Loving Ruben Pacheco is easy. He's sweet, he's supportive, he keeps the bills paid and plenty of food on the table. Loving living with Ruben's parents presents more of a challenge. They're critical, overbearing, and openly rooting for Gabe to go home so Ruben might crawl back into the closet.
Gabe’s in love, but he’s getting annoyed -- Ruben's great and all, but is he worth all the hassle?
Note: This short story was originally published in the charity collection, Love Is Proud.
Ruben is as sweet as a guy can get. Especially to me. He encourages me as a writer, supports me as a roommate, and exults in me as a lover. He tells me I’m beautiful, defends me to his parents, and he smiles every time I walk in the room. Which makes it hard to be aggravated with him, but where there’s a will, there’s a way, and lately I feel like I can’t hardly wait for even the most veiled invitation to histrionics. I’m always underfoot, always in somebody’s way. I’m too loud when I laugh. I take up too much of the couch. I can’t put one foot right in my own home, so I’m always on the defensive. Especially because nobody but Ruben -- certainly not I -- would ever classify the castle-in-a-cul-de-sac that Pacheco’s Used Cars built as “my home.” After three of them in as many years, I’m through with entry-level service-industry jobs, so my bank account has nothing in it but cobwebs, but my mom and her boyfriend have a poorly carpeted split-level in the ‘burbs, too. Not everybody’s idea of “options,” maybe, but I’m getting to the point where The Hell Away From His Parents is the only place I can think about going, whether Ruben’s there or not.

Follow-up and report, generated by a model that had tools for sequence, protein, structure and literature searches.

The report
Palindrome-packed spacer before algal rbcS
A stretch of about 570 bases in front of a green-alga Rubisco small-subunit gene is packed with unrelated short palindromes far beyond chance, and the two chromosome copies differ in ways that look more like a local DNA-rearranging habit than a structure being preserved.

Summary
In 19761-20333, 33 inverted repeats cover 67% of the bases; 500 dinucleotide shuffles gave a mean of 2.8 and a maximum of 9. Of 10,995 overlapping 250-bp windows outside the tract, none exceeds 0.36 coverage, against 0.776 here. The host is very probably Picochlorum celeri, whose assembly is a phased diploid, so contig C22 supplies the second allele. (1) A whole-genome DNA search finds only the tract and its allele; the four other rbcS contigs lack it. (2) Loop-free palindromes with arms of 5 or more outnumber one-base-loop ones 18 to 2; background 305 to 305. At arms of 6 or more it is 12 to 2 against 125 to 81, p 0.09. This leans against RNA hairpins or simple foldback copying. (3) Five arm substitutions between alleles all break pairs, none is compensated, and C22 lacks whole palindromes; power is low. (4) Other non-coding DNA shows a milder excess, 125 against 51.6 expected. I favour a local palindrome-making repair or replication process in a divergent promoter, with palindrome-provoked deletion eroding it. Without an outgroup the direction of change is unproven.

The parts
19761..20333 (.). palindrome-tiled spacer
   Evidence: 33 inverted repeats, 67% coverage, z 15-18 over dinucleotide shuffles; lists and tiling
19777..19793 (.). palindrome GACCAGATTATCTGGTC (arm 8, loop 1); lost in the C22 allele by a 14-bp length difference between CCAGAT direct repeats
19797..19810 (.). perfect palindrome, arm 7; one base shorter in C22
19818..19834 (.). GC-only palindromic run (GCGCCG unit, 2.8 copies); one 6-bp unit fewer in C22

In which mood I very nearly reject Ruben’s suggestion that we get cleaned up and go out. I’ve already opened a beer, a big bag of chips, and Netflix on my phone -- I’m wallowing here! “I’m not really up to it tonight.”
“Cuz you have what better to do?”
I don’t say lay around and watch TV, but I crunch a handful of chips by way of making sure it’s implied.
“Come on. You’re always looking for reasons to get out of this house,” he reminds me.
You have no idea, I think. “Meh, not tonight,” I say. Crunch, crunch.
“I don’t really want to chill here tonight,” he tells me.
His mom barges in. So focused on Ruben she barely remembers to toss me my disdainful glance. “Those pants don’t leave very much to the imagination, mijo,” she tells him. “Can’t you put on something a little less ... hip-hugging? I’d hate for Carmen’s niece to get the wrong idea.”
“Like she might think I’m a big queer? That’s not the ‘wrong idea,’ Ma.”
She loads plenty of disdain into this glance. She pointedly looks me up, down, then up again and says, “Well, it wasn’t the best idea you ever had.”
Maybe not, but his idea to beat feet out of the house before Carmen rolls in with some spinster niece is right up there.
“Just let me put on my shoes,” I tell him.
“Put ‘em on in the car.”
“But what will I tell Carmen’s niece?” frets Mrs. Pacheco.
Ruben shrugs. “Tell her if she can’t find a husband and wants to try looking for a girlfriend she can come meet us at the Ramrod.”
“It’s like you want to be gay!”
“See, you say that like it’s sinking in ...” Ruben takes my hand, I grab my shoes, and we go.